Iran is not waiting for the European Union oil embargo to start on July 1. In a stern retaliatory move, Tehran announced on Sunday it will stop selling crude to French and British oil companies.
Exporting crude to British and French companies has been stopped. ... We will sell our oil to new customers, Oil Ministry spokesman Alireza Nikzad said in an official Web site post, Reuters reported.
European importers have already begun to scale back their supply from Iran in view of the EU oil embargo, which was announced in January as part of the diplomatic pressure on Tehran to halt the uranium enrichment.
Iran insists that its nuclear projects are meant only for peaceful purposes. Last week, Iranian nuclear establishment announced that it has made major advances into nuclear technology by developing advanced centrifuges.
It has also threatened that a Western oil embargo will force it to close the Strait of Hormuz, through which more than a third of the world's tanker-borne crude passes. The U.S. has warned Iran that such a move will never be tolerated.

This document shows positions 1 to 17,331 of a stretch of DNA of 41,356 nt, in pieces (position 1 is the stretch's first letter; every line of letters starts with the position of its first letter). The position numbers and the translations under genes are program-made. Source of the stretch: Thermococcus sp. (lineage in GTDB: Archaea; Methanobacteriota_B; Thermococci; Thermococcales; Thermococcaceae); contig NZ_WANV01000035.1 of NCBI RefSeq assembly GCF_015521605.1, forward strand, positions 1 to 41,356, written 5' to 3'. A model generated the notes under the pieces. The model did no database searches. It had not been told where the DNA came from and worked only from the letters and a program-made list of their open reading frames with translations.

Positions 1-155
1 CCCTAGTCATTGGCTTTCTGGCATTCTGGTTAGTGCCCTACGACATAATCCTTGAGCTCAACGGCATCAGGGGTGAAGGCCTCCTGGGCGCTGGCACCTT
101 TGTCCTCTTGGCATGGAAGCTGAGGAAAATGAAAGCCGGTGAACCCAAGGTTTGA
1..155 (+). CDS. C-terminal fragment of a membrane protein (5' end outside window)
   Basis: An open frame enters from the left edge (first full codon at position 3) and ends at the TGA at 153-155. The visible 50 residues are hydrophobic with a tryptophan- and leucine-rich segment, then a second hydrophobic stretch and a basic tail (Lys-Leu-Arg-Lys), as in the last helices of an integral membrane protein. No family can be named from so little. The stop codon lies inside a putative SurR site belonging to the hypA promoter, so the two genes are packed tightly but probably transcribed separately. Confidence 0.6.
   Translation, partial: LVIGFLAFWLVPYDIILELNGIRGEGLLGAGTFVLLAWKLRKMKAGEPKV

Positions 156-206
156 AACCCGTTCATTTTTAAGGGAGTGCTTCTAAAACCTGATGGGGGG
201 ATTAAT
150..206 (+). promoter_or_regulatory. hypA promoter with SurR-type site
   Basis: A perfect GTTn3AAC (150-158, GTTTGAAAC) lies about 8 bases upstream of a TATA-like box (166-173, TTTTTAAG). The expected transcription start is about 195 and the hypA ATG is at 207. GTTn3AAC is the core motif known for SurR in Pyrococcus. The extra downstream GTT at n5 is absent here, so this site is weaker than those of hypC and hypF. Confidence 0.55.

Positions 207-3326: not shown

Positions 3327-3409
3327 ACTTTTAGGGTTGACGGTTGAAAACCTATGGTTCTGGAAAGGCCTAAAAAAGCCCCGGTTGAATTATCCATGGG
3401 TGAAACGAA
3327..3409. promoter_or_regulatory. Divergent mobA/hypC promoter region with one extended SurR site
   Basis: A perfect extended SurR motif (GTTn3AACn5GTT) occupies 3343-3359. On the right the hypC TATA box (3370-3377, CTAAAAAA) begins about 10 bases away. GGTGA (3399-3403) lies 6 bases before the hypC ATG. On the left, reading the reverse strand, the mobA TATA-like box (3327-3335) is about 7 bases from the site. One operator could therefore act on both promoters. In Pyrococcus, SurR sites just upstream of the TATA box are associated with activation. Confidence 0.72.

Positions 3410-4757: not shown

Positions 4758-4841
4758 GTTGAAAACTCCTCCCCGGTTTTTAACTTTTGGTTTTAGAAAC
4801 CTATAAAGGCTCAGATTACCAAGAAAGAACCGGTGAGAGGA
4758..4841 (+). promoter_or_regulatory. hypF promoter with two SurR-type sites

In view of the worsening crisis, and the talk of an imminent Israeli attack on Iran's nuclear plants, several European oil majors have either stopped purchase from Iran or scaled back volumes.
Reuters reported that the flow of Iranian oil to the continent in March will be less by more than a third - or over 300,000 barrels daily.
France's Total has already stopped buying Iran's crude, the report says, while Royal Dutch Shell has reportedly scaled back sharply.
Beleaguered Iran has reiterated that it's prepared to face the consequences of big European buyers going off the buyers' list. It instead bets on the higher prices to add equilibrium to its economy, which is largely based on oil revenue.
Helped by the Middle Eastern supply worries and Iran's threat of blocking the Strait of Hormuz, global oil prices have remained high in recent weeks.
Brent crude, which posted its fourth consecutive weekly gain, also topped $120 a barrel in the week, before ending slightly lower on Friday.
The U.S. crude for March delivery settled at $103.24 a barrel, gaining 93 cents, or 0.91 percent, topping the $103.22 close from Jan. 4, Reuters reported. It was the highest finish since front-month crude ended at $103.88 on May 10.